Published online Jun 28, 2008. doi: 10.3748/wjg.14.3773
Revised: May 19, 2008
Accepted: May 26, 2008
Published online: June 28, 2008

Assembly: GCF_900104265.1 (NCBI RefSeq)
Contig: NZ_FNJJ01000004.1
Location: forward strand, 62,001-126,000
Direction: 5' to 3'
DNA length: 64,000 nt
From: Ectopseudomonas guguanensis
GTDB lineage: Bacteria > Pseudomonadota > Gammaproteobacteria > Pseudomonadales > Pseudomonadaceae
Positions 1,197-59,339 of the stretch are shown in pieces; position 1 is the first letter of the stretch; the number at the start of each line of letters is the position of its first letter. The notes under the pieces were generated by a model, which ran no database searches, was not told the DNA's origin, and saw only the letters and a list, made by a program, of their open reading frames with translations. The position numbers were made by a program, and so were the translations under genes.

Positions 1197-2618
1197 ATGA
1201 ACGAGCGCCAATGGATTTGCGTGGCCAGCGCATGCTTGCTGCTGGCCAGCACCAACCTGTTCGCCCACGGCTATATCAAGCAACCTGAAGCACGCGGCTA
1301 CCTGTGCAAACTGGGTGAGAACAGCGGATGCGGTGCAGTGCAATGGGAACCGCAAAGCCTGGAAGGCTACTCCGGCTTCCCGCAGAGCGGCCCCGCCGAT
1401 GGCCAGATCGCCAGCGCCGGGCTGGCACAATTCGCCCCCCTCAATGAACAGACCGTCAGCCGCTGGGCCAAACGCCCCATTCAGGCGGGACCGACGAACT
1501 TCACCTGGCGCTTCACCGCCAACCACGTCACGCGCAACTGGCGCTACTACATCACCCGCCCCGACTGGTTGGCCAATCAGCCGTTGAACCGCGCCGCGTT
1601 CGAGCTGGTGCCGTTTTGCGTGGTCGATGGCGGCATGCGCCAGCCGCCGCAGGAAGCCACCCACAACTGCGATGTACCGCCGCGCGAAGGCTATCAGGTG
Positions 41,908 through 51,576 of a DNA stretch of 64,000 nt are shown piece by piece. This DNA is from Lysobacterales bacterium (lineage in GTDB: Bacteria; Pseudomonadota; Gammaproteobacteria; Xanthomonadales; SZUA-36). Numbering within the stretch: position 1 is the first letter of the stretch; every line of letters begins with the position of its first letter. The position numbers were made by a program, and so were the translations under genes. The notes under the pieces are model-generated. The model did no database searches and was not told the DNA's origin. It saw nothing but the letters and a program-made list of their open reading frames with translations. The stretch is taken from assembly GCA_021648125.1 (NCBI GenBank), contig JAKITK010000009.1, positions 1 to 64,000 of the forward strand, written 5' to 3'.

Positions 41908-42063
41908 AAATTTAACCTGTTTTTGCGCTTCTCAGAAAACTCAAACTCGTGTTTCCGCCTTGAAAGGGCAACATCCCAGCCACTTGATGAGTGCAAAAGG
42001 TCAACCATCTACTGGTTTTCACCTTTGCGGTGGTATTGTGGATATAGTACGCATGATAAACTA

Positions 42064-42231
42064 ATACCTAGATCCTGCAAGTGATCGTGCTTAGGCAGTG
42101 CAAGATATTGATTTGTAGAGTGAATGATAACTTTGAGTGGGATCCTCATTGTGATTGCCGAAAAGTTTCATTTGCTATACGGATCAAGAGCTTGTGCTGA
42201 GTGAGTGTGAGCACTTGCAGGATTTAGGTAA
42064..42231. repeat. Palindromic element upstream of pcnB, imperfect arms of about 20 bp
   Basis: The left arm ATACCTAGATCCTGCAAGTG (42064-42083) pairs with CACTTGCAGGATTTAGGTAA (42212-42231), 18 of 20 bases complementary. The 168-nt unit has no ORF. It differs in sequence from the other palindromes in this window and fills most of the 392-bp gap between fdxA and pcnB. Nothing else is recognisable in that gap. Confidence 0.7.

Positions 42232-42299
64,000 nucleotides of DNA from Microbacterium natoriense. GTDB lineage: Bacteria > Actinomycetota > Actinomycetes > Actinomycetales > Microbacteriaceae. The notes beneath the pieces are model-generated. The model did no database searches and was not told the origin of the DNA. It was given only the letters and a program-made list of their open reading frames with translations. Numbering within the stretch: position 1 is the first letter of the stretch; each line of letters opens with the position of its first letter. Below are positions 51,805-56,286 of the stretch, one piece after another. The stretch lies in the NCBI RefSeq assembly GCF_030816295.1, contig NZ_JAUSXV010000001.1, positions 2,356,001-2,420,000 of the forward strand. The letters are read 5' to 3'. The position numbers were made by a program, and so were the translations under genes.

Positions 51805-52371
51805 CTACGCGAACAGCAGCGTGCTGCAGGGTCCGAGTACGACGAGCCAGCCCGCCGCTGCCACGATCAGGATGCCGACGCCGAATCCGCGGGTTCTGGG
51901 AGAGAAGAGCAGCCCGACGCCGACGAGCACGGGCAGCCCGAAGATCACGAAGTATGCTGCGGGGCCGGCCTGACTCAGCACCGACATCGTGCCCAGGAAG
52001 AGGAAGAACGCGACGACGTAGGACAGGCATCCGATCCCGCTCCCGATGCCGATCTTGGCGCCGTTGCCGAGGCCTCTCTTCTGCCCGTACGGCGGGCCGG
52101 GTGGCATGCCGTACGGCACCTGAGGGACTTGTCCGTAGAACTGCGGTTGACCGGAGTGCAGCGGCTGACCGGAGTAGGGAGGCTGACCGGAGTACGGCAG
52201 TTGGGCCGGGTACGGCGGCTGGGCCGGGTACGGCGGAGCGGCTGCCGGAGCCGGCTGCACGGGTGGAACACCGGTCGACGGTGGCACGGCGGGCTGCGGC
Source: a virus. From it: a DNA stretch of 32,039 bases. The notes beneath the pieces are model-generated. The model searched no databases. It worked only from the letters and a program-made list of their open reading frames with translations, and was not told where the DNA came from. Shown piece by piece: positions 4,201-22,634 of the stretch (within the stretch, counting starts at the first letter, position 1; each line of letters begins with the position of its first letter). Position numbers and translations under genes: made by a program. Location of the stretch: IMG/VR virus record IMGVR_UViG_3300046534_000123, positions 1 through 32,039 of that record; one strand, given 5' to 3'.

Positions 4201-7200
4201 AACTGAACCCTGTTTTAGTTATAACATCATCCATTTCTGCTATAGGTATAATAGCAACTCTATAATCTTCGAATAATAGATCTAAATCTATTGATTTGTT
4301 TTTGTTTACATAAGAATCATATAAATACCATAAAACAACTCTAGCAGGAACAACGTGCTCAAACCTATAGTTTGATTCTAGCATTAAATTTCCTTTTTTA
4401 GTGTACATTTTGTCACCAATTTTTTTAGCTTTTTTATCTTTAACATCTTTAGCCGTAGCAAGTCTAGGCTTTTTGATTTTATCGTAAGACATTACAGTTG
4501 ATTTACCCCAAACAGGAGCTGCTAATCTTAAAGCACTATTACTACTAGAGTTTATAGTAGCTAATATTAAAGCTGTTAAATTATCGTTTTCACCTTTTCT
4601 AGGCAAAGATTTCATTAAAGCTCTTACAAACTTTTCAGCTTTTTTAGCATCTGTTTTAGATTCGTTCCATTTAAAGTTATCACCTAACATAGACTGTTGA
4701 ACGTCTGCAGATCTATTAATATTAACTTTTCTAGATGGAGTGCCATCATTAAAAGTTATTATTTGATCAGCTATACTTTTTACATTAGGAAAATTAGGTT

Carcinomas of the stomach and gastroesophageal junction are among the five top leading cancer types worldwide. In spite of radical surgical R0 resections being the basis of cure of gastric cancer, surgery alone provides long-term survival in only 30% of patients with advanced International Union Against Cancer (UICC) stages in Western countries because of the high risk of recurrence and metachronous metastases. However, recent large phase-III studies improved the diagnostic and therapeutic options in gastric cancers, indicating a more multidisciplinary management of the disease. Multimodal strategies combining different neoadjuvant and/or adjuvant protocols have clearly improved the gastric cancer prognosis when combined with surgery with curative intention. In particular, the perioperative (neoadjuvant, adjuvant) chemotherapy is now a well-established new standard of care for advanced tumors. Adjuvant therapy alone should be carefully discussed after surgical resection, mainly in individual patients with large lymph node positive tumors when neoadjuvant therapy could not be done. The palliative treatment options have also been remarkably improved with new chemotherapeutic agents and will further be enhanced with targeted therapies such as different monoclonal antibodies. This article reviews the most relevant literature on the multidisciplinary management of gastric and gastroesophageal cancer, and discusses future strategies to improve locoregional failures.